Prolific author Paulsen (Hatchet; Nightjohn) aims for laughs but misses in this slight story about an anal-retentive girl forced to work without her net. The "exceedingly organized" Molly keeps life tidy in a three-ring binder with sections for school, social life and family life, in order to manage the home she shares with her grandmother, Irene, since her parents' death in a car accident (a loss treated matter-of-factly). Irene and Molly are not ideally suited as roommates: for each of Molly's strictures, her grandmother has a corresponding wild hair. The morning that the binder disappears, Molly must prepare for a test without notes. It's also Senior Citizen Day, an event Irene hasn't missed-to Molly's horror-since kindergarten. The broadly farcical plot careens from one implausible event to the next. In Molly's mind, the loss of the notebook sets off the chain of mishaps. She gets a black eye before leaving the house ("Come on, princess, we'll grab an ice pack for that eye on the way to the bus stop," Irene says). She also tears her skirt, finds herself lugging around both Irene's huge handbag and a friend's cello, and delinquents who are lighting matches singe her hair. Unfortunately, Paulsen never explores the real motivation behind orphaned Molly's need for structure, and the revelation that Irene deliberately swiped the binder seems cruel, not funny. Ages 8-12. (Sept.) (c) Copyright PWxyz, LLC. All rights reserved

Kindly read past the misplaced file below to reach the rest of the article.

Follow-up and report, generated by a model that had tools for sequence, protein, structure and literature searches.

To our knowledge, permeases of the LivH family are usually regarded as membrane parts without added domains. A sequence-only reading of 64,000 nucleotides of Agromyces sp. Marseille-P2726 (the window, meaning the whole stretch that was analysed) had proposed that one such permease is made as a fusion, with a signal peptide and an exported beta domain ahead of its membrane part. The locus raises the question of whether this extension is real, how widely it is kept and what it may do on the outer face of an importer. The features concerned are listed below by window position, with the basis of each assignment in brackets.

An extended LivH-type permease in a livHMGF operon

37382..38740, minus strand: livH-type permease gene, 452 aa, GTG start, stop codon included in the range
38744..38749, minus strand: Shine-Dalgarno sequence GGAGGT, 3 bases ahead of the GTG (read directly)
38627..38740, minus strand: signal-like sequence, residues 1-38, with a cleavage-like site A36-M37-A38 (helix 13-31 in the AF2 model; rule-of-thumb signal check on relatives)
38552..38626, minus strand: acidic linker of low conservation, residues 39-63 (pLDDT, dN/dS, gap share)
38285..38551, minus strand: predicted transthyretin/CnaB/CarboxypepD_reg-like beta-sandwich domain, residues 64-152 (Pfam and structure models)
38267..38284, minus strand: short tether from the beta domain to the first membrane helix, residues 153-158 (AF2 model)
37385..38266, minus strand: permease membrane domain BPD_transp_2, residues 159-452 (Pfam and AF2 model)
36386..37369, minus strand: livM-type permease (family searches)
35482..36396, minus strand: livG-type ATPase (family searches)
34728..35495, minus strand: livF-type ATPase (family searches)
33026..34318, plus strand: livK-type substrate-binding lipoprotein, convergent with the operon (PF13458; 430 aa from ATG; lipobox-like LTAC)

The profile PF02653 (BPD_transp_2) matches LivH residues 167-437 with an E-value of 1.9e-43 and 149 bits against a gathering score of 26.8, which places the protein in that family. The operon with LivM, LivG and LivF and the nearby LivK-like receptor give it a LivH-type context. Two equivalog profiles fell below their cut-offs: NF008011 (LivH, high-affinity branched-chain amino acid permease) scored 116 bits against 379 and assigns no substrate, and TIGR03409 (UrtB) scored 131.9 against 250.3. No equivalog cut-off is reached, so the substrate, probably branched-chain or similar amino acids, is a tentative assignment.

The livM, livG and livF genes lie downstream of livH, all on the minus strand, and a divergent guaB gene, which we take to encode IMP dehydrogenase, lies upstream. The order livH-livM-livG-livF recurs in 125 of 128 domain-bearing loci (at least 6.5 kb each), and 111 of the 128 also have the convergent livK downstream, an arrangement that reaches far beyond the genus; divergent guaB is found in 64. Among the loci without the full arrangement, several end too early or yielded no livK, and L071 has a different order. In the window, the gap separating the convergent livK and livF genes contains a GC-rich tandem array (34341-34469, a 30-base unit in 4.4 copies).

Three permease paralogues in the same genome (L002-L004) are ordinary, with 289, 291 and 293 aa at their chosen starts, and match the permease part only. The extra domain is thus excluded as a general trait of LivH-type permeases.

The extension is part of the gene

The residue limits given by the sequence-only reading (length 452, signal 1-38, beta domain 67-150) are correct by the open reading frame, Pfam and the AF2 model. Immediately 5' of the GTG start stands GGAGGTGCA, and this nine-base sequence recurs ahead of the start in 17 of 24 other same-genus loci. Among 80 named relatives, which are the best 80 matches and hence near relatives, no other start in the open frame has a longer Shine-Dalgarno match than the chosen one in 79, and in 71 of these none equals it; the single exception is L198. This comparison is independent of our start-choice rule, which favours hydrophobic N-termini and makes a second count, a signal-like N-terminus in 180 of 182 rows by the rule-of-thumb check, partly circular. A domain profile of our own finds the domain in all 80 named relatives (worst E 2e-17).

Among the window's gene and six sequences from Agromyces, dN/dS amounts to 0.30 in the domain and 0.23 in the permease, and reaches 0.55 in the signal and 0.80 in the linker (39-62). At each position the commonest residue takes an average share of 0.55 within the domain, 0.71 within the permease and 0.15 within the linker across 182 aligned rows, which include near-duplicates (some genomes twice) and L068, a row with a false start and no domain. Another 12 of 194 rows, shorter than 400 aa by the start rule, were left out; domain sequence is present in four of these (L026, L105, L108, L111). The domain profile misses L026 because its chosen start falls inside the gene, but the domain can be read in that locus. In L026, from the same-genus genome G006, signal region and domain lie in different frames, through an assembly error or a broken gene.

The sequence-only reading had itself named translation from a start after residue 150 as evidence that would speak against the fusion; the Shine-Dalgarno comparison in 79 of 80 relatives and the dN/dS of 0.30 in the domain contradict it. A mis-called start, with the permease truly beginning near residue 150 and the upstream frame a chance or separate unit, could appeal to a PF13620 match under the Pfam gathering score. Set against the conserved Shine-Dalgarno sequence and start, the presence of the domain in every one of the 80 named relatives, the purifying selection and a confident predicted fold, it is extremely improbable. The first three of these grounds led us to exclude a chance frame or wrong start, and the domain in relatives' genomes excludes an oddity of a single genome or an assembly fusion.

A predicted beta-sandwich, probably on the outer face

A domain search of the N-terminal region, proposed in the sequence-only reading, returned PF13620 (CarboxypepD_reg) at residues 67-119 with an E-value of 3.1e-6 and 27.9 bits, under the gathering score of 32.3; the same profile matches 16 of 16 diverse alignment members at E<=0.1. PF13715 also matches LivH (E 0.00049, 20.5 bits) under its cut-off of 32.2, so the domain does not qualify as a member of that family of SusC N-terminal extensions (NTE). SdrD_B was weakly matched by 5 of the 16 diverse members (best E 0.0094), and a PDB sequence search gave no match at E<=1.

Horn Book Review

Not only has super-organized Molly lost her essential notebook, but her grandmother is coming to school for Senior Citizens' Day. Molly is kind of stuffy, her grandmother is predictably madcap, and their day together is one slapstick caper after another, as Molly learns the virtues of spontaneity. There are some funny moments, but even in its celebration of nonconformity the story is too formulaic. (c) Copyright 2010. The Horn Book, Inc., a wholly owned subsidiary of Media Source, Inc. No redistribution permitted. All rights reserved.